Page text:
Back in New York, she invited some compatriots to the Soho House for a first feedback screening: leaders from the Ford Foundation and Equality Now, along with Leymah Gbowee, the Liberian Nobel Peace Prize winner.They watched the series’ wrenching premiere about rape as a tool of war in the Democratic Republic of Congo. Steinem speaking to the camera about the challenges facing women, but the bulk of the reporting is handled by young international correspondents, chosen by Vice, who straddle the line between journalist and activist, as Ms. They shot in eight countries; an episode in Pakistan, directed by Sharmeen Obaid-Chinoy, this year’s Oscar winner for documentary short, is still in progress. Steinem did not travel with them, but her expertise paved the way.
(Even its nerdiest cable show is called “Balls Deep.”) And as the brand’s poster boy, Mr.Smith, a major onscreen presence in Vice’s separate HBO show, has reveled in a cussing, anti-authoritarian persona even as he became a vaunted, and wealthy, chief executive. Steinem knew of Vice’s “very masculine reputation,” as she put it.Steinem has other TV credits and talk show offers were dangled over the years, but they required too much time, she said, and she wasn’t keen on network oversight.“Vice feels much more able to move quickly,” she said.“Gloria brought a whole different level of credibility and access to women on the ground that we wouldn’t have had otherwise,” Ms.
Wengroff said, suggesting “where we could and couldn’t go, who she felt was credible and who she’s worked with, and who also is new that we could empower.”The host of the debut episode, Isobel Yeung, journeys along bumpy roads to meet a warlord, and is barred from an interview despite having arranged for access — a marker of authenticity in this documentary style.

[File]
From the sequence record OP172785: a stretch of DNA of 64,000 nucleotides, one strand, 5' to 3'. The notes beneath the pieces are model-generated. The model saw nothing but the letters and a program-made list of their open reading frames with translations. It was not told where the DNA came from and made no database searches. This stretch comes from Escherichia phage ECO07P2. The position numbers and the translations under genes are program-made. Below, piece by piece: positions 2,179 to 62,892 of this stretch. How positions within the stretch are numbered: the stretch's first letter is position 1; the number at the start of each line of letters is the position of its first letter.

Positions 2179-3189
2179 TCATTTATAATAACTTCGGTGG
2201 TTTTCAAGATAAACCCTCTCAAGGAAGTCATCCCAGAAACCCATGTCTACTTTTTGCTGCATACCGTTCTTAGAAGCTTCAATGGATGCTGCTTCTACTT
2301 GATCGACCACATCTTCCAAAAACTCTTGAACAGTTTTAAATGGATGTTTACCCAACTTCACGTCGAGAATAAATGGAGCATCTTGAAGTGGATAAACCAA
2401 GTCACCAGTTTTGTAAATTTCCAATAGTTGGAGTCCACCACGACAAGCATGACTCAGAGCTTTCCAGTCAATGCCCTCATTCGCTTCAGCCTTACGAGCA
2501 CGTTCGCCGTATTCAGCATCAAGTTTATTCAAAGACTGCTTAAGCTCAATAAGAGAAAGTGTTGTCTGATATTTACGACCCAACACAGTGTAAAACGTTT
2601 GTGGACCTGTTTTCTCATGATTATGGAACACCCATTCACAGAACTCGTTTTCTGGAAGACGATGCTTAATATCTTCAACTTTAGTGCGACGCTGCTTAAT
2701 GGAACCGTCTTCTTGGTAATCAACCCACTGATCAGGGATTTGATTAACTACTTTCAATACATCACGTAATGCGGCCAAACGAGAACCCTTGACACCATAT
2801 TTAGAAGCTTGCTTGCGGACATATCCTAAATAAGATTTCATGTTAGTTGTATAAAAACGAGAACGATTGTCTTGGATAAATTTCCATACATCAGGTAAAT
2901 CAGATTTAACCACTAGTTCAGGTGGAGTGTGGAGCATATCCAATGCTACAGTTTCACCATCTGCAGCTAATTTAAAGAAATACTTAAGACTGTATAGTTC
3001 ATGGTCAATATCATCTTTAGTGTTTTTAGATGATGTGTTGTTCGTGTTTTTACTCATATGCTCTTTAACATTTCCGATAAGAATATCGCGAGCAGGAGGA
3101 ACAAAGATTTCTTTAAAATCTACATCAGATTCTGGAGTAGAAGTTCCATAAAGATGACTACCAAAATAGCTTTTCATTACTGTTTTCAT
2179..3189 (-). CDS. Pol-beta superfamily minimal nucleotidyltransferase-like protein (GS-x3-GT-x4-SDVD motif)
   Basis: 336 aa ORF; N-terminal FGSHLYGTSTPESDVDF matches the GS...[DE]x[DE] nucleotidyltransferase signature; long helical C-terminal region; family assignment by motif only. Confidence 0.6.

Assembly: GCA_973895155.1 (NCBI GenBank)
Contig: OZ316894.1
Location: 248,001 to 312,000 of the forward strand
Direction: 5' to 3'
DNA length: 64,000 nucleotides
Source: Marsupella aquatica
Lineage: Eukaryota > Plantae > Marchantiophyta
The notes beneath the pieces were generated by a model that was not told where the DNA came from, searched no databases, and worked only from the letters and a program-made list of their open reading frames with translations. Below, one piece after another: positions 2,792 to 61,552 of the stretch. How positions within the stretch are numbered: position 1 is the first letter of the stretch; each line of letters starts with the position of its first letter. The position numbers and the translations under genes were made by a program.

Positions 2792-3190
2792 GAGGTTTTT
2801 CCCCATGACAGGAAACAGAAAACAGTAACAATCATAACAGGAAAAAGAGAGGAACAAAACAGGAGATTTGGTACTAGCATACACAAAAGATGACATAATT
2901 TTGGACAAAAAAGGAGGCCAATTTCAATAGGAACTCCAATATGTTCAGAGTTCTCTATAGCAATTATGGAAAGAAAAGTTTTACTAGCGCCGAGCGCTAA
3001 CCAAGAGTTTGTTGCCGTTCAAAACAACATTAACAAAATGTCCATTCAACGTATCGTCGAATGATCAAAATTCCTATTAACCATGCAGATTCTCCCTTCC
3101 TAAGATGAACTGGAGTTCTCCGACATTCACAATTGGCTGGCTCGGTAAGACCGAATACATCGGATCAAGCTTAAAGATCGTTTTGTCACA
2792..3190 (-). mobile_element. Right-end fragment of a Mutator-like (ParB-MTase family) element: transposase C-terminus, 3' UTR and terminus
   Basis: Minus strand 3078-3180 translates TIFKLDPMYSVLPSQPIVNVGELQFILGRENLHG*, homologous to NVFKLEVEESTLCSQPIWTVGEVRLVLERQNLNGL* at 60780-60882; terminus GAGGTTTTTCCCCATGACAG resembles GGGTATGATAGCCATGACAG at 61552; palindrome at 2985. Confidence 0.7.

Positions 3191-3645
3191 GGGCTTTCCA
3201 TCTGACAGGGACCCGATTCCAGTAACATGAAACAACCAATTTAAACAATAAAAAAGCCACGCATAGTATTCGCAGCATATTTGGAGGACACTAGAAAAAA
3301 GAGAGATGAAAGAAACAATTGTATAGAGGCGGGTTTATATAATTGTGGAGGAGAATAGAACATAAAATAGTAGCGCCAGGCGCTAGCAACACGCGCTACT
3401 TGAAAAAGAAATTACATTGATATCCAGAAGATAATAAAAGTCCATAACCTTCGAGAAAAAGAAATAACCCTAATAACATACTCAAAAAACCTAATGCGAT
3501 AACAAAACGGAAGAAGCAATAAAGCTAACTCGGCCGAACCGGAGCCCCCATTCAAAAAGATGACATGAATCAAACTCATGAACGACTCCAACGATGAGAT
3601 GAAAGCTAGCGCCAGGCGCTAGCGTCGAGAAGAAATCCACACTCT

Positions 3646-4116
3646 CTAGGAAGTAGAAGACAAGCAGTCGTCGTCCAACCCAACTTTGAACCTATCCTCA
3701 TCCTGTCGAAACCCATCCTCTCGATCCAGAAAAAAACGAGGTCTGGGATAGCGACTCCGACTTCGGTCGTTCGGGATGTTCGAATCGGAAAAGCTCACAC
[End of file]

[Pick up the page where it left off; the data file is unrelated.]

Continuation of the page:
Smith developed with the Vice News producer Iris Xu, Ms. From the crew up, it is the most heavily female-staffed program in Viceland’s lineup.
(The company also began Broadly, an online channel oriented toward women, in 2015.)Ms.
WASHINGTON — Gloria Steinem and Vice President Joseph R. were engrossed in conversation steps from his ceremonial office, where he was getting his makeup done. Steinem, already prepped, was here to interview him for “Woman,” her new Vice TV show.
She skipped past notes her producers had readied about their topic, “It’s on Us,” the White House’s pledge initiative against sexual assault, and led with her own question: What motivated him to take on this cause?
“The challenge is to know, and not despair, and figure out how to make it better a little bit at a time.”For Ms.